RECORD: [Robertson, William]. 1868. [Review of] Variation of Plants and Animals under Domestication. Athenaeum (15 February): 243-244.

REVISION HISTORY: Transcribed (single key) by AEL Data; corrections by John van Wyhe. RN2


[page] 243

LONDON, SATURDAY, FEBRUARY 15, 1868.

LITERATURE

The Variation of Plants and Animals under Domestication. By Charles Darwin, M.A. With Illustrations. 2 vols. (Murray.)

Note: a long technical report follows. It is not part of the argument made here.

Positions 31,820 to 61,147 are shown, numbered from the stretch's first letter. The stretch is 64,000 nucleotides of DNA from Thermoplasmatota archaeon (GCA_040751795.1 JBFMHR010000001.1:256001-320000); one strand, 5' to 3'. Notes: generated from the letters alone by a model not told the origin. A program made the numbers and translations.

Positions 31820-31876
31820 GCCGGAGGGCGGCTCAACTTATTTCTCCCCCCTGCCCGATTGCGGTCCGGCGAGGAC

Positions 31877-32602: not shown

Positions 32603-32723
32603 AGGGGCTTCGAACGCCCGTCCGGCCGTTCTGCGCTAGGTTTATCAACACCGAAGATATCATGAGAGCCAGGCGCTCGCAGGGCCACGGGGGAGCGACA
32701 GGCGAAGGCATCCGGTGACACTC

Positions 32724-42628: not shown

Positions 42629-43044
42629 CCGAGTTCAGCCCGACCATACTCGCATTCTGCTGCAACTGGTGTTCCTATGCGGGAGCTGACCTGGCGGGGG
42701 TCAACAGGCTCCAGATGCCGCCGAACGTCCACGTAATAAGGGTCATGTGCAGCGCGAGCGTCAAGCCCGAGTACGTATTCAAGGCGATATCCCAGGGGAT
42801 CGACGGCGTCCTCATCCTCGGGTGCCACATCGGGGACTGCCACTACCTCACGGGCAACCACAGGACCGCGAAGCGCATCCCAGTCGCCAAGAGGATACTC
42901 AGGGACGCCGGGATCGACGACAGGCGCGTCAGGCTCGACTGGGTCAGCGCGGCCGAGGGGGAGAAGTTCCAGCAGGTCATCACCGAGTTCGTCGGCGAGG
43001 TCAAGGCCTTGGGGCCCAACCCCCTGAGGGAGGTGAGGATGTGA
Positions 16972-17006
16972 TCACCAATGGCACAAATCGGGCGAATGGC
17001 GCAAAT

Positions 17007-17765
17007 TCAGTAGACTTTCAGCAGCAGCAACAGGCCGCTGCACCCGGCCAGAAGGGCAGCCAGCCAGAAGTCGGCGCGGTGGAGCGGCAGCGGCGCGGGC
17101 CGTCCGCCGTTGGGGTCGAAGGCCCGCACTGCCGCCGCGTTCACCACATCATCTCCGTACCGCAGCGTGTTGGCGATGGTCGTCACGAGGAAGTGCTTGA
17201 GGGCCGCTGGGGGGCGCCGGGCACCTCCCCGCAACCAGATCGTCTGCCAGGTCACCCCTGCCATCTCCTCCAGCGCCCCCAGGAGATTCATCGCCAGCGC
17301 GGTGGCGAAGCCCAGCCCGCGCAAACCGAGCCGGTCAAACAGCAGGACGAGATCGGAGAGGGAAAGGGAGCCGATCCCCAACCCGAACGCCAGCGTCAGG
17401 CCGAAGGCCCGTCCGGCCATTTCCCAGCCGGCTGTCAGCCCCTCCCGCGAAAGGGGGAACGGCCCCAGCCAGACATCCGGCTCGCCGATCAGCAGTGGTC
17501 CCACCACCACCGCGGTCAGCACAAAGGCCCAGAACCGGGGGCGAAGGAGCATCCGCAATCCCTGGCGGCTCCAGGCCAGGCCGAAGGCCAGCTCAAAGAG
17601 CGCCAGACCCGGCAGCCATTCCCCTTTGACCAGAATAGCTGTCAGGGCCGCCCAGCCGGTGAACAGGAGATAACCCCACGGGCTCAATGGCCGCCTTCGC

In his work on the 'Origin of Species by means of Nautral Selection, or the Preservation of Favoured Races in the Struggle for Life,' Mr. Charles Darwin "promised to publish soon the facts on which the conclusions given in it were founded"; and after long delay "this first work" is published. The excuse for delay is, we are sorry to say, ill health; and we may add, in further explanation, the preparation of two books: one on the fertilizarion of plants by the agency of insects, and another on vegetable climbers and creepers. But even now we are told to wait for the facts upon which Mr. Darwin founded his conclusions. This in only "the first work"; and if the other instalments must be waited for as many years as the species discussed may require, the generation of men who read the earliest statement of the hypothesis will all have passed away before Mr. Darwin's task shall be done.